“Just to see the sheer resilience is truly remarkable,” Sosa-Gonzalez said. “Just to see the smiles on their faces and to see them come in the door.”
To the south, at Codwell Elementary, 8-year-old Chardrea Hayes couldn’t stop smiling as she scampered to class. During the two-week delay, Chardrea insisted that her mother, Charlotte, drive by Codwell every night so she could see the HISD campus.
“I’m feeling really excited,” she said. “When they said school would start Monday, I really wanted to go.”
New campuses, for now
At Cy-Fair ISD, young people returned to largely unaffected buildings. Only one campus, Moore Elementary, was temporarily closed for repairs. Those students are attending classes at a vacant Cy-Fair ISD campus about two miles away.
Katy ISD, home to about 75,000 students, had two schools temporarily shuttered due to damage.
Students from Creech Elementary, near the heavily flooded Cinco Ranch neighborhood, traveled a mile up the road to a University of Houston satellite campus building. District officials said the formerly vacant facility will be Creech’s home “for the foreseeable future.” Katy ISD officials said they will be adding portable buildings and playground equipment, making minor modifications as needed.
“We have been working on a tremendously short timeline over the past week, and the university has been extremely flexible in helping us to meet the needs of our students and families,” Katy ISD Superintendent Lance Hindt said.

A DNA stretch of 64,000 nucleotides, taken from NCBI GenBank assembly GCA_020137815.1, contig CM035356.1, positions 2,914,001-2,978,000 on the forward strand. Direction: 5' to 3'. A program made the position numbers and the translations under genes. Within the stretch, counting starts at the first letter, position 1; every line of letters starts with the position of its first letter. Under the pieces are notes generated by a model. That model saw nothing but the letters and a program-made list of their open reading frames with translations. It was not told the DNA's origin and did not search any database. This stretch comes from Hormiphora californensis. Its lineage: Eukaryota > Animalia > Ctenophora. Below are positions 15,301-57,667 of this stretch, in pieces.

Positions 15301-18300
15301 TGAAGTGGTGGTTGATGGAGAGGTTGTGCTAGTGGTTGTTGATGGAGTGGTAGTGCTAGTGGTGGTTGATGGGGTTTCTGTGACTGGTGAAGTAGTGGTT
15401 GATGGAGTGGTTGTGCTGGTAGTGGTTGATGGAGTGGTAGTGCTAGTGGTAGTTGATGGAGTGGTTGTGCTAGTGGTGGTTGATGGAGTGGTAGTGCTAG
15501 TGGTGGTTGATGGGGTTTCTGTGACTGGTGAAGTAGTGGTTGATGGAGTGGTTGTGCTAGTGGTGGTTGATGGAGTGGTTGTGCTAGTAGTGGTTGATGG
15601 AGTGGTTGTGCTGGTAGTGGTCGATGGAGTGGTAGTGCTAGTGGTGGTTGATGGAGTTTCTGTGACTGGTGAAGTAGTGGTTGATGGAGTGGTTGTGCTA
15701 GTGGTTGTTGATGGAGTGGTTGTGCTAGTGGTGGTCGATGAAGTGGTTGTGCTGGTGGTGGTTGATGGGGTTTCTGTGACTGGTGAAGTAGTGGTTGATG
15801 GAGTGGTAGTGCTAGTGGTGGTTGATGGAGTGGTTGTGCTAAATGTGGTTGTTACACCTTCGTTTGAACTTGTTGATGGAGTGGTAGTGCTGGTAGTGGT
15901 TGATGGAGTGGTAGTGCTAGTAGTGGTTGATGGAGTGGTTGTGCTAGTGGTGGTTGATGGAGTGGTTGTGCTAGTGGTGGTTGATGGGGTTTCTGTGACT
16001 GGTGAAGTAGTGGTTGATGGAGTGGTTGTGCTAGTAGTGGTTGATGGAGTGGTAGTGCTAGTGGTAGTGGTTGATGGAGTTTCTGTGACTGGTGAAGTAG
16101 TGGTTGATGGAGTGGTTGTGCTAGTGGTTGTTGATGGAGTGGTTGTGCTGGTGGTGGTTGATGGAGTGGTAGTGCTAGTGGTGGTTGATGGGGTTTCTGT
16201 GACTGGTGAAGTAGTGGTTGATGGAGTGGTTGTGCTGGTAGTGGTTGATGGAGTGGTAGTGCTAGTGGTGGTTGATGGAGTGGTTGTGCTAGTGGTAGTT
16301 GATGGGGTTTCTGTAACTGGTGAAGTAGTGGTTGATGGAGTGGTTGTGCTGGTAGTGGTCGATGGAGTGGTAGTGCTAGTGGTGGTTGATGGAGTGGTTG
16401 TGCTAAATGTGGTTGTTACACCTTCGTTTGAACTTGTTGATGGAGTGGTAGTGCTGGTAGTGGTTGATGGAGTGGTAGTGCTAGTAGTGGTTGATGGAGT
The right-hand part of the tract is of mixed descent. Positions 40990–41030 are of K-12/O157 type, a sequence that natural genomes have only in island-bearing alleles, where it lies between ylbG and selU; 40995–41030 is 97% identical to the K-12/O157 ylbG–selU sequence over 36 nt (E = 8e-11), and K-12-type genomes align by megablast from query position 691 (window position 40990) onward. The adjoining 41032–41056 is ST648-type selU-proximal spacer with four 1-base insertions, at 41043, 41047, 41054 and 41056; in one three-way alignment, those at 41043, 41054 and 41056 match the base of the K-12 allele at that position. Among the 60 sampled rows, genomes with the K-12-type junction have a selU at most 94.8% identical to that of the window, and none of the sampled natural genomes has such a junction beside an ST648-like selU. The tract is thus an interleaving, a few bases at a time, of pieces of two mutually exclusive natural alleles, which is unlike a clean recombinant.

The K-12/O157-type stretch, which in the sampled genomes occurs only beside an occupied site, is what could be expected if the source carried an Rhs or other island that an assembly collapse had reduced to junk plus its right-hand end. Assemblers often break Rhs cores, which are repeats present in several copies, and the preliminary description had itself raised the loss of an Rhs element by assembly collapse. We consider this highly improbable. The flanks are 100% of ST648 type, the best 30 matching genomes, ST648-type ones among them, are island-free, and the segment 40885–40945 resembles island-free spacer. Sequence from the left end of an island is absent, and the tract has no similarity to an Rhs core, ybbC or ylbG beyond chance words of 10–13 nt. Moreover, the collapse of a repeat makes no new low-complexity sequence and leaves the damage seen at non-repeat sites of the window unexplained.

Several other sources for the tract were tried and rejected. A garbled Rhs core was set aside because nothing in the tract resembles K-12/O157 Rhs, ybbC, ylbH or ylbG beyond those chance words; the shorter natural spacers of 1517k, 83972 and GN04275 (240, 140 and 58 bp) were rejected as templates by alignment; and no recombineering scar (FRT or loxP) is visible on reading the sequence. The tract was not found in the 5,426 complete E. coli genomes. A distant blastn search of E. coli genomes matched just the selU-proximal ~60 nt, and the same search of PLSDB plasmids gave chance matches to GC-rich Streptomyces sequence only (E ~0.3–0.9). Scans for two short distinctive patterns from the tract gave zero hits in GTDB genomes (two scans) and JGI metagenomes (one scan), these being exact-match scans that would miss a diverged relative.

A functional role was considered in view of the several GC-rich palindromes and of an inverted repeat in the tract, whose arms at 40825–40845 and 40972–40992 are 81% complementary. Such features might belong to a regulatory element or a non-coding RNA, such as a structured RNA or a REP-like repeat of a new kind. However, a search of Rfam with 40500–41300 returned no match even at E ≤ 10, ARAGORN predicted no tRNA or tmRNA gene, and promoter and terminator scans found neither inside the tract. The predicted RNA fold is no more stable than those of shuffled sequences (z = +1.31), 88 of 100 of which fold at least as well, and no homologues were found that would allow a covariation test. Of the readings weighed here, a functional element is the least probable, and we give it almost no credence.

To the northeast in Katy, issues with the building’s water system sent Bear Creek Elementary students to the district’s newest secondary school, Paetow High, about 12 miles away.
Making a positive start
Though Humble ISD resumed classes last week, students at Summer Creek and Kingwood high schools were scheduled for their first day Monday. The two student bodies will be sharing Summer Creek’s building, alternating morning and afternoon shifts, after Kingwood’s campus sustained damage that could keep it closed all year.
Trey Kraemer, Humble ISD’s assistant superintendent of high schools, said traffic issues caused commutes of 30 to 50 minutes for some Kingwood students. But once the kids arrived, the student bodies mixed seamlessly, he said. Kingwood students were greeted by welcome signs peppered along the route to school, and Summer Creek students received thank-you notes from the new denizens.
“When I greeted (Kingwood) kids coming off the bus, they were very happy that they’ve been able to remain together,” Kraemer said. “I think that cohesiveness of being here with their classmates, being here with their teachers, that’s really important to them.”
Students found teachers and administrators eager to welcome them back at every school. They included Codwell Elementary staffer Demitra Cain, who waited outside the campus Monday with outstretched arms.
“I’ve given out over 200 hugs this morning,” she said. “You don’t know what they’ve all been through. I want to give them something positive when they get here so they have a great start to their day.”